No More Chasing Straight Girls


With the visibility of so many gorgeous lesbians at a new peak in Dublin’s fair city, why do many of us still pursue straight women, Christine Allen wonders?


“Like a bit of rough, eh?”

It’s August 24. The annual March for Marriage has just kicked off and in true lesbian fashion, I’m engaging in some heavy duty flirting with a straight girl.

Far from it being a one-sided affair, the girl in question matches my every quip with an equally suggestive retort, a cheeky grin plastered on her face.

I’ve been friendly with the girl in question for just under a year now, having first met her at DCU, and although I do enjoy the unquestionable chemistry that exists between us, I’ve been finding our ‘banter’ quite anti-climactic of late.

When I was 16, I fell head over heels for my straight best friend. For two years I looked on from the sidelines as she dated a litany of straight guys with bad teeth. To say I was miserable would be an understatement.

On foot of stepping through the doors of The George in 2009, and realising that there were girls in the world who might view me as much more than just a pal, I saw my pining for what it was – a total waste of time and energy. I vowed to never chase another heterosexual woman again.

While I’m far from pining after my March for Marriage friend, let alone being in love with her, I can’t deny that I’m attracted. Nor can I pretend that there aren’t times when I’m not tempted to interrupt our back-and-forth banter Patrick Swayze-style, with a kiss. To make matters more confusing, there are also moments when I feel that such a move might be welcome.

Having spoken to other gay women throughout the years, I am aware that I am not the only lesbian out there who has had an ongoing flirtation with a straight girl – or in some cases, a brief fling.

So, with the visibility of so many gorgeous lesbians undoubtedly at a new peak in Dublin’s fair city, why do many of us still pursue straight women?

“I love a strong sense of femininity in someone, and so far, the majority of those who encompass this quality – both physically and emotionally – have been straight,” reasons one lesbian friend. While this viewpoint may be controversial to some, I can relate to it.

The attire of lesbians frequenting The George or Crush is hardly what might be called girlish. For many of us the first women we found attractive were straight and therefore wearing clothes similar to those worn by women to the likes of Copperface Jacks. To many of us these women epitomised femininity. Could this be why we continue to be drawn to those who will likely never return our affections?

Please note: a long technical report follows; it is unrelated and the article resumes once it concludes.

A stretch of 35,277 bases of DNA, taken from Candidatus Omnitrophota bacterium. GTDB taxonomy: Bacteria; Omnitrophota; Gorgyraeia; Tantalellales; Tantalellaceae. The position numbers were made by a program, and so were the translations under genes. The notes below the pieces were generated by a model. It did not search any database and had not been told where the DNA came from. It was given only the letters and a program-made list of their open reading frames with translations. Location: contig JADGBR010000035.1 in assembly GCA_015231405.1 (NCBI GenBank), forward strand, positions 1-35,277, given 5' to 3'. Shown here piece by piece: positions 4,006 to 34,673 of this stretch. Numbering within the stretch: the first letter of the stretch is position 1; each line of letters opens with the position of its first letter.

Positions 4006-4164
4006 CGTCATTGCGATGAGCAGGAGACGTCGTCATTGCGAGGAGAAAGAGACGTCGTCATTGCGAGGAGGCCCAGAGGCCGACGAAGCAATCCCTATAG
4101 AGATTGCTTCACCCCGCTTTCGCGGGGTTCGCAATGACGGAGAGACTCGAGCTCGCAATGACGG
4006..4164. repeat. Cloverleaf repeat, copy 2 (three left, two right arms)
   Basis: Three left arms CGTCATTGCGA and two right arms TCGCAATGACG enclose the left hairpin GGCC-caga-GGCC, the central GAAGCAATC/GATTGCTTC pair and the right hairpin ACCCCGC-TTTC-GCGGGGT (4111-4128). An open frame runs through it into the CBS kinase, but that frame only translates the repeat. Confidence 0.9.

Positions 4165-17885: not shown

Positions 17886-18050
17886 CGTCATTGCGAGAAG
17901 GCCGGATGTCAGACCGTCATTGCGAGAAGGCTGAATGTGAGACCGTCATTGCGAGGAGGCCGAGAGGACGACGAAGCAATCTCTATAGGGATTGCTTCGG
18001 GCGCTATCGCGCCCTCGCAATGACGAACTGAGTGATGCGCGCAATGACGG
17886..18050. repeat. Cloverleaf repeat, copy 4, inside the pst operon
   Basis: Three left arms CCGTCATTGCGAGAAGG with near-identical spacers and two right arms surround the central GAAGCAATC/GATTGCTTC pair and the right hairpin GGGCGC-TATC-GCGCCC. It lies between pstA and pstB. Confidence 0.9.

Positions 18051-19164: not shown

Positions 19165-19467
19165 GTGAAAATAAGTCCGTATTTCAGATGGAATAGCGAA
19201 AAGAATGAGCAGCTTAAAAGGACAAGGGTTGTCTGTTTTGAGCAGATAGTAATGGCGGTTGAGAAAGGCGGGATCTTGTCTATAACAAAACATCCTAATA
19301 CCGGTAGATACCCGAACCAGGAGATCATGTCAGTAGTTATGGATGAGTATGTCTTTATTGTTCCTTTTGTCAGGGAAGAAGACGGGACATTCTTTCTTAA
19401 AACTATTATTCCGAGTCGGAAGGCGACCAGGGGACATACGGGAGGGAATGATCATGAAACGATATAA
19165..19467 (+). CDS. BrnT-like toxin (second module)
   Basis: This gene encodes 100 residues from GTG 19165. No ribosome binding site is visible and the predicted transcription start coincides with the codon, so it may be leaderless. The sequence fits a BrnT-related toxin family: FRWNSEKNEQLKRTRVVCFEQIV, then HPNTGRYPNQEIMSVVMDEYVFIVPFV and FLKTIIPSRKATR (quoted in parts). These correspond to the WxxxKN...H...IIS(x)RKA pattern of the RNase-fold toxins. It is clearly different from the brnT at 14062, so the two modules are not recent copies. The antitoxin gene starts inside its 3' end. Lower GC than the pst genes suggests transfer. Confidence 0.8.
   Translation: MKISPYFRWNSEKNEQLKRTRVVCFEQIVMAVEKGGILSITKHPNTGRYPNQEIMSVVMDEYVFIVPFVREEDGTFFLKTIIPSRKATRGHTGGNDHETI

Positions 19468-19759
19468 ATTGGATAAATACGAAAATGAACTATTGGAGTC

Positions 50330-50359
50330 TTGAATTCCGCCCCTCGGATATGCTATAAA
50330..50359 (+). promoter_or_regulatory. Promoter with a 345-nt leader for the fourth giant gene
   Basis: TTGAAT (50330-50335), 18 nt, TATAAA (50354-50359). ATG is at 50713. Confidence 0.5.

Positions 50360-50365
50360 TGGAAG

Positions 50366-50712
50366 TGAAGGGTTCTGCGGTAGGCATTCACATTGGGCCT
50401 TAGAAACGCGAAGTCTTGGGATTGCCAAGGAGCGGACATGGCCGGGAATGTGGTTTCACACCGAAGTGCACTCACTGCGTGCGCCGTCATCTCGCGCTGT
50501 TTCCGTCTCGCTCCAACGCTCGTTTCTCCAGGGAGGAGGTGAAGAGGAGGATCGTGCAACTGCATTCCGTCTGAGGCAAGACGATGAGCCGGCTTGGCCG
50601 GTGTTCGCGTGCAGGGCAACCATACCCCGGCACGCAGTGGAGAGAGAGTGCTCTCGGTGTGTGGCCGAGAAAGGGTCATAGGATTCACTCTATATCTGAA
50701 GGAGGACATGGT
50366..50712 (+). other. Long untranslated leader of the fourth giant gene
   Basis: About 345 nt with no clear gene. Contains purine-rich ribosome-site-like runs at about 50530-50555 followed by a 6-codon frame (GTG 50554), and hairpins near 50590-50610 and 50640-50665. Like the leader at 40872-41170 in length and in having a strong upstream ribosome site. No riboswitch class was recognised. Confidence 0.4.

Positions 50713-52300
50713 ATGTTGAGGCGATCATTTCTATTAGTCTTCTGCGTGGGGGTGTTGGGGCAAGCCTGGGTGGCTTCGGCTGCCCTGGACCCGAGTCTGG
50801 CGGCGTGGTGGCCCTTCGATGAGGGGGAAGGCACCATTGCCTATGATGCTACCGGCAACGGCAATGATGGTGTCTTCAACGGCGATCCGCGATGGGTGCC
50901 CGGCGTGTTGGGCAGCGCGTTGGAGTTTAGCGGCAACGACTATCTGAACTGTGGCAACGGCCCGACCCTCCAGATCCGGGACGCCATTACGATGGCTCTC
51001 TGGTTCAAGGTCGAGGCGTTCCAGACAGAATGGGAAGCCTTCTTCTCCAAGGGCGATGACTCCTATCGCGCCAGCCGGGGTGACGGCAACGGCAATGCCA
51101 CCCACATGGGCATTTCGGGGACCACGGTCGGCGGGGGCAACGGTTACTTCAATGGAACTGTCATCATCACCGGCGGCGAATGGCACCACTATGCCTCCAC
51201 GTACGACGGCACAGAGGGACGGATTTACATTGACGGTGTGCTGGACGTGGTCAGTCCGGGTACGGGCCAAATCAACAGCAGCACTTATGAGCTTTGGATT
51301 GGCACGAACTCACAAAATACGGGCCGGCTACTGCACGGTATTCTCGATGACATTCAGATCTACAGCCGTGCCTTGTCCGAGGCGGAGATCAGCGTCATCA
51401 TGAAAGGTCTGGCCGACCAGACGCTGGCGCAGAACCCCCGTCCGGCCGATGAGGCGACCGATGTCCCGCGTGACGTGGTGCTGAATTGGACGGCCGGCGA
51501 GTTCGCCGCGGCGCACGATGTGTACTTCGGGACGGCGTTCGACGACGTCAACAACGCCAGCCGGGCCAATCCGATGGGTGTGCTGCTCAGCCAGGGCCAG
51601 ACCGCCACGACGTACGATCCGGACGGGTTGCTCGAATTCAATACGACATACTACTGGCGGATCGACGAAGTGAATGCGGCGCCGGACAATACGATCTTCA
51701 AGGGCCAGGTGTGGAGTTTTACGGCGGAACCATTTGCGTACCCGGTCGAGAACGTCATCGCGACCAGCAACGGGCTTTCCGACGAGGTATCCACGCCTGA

Then again, could the pursuit of straight women be down to simple animal psychology. Don’t we all like a challenge? Aren’t straight men renowned for pursuing gay women in order to prove themselves? Don’t we all want what we can’t have? After all, it’s no secret that ‘turning’ a straight girl is viewed by many lesbians as the ultimate achievement.

One friend I spoke to told me about one of her most recent encounters with a straight woman, citing her own “boyish appearance” and “confidence” as the main factors that resulted in the transition from banter to the bedroom.

“When it came to moments of intimacy, she said she wasn’t used to the level of respect I showed her, and that she felt in control and empowered, rather than silently submissive,” she said, dispelling the myth that many straight men and women continue to believe – that the lack of a penis can only result in unsatisfactory sex.

Despite my friend’s erotic success with her straight crush, all did not end well.

“When she was finished with me – her new experiment – she just tossed me aside. She gave zero thought to my feelings.”

And here we have the very real danger of getting involved with a straight woman. For most, their Sapphic experience – whether it takes the form of dating another woman or just having a one-night-stand with one – will be viewed in the long run as nothing more than an exciting adventure on the road to sexual maturity, complete with novelty and shock value.


In the wake of the March for Marriage with my friend, I’ve made a decision. I’m on flirt strike with any woman who identifies as heterosexual. Sure, it will be difficult at first. Conversation will have to be adjusted; boundaries will need to be put in place. And with this, there is a real chance that our friendship might peter out.


Still, taking everything into account, that a risk I’m willing to take.

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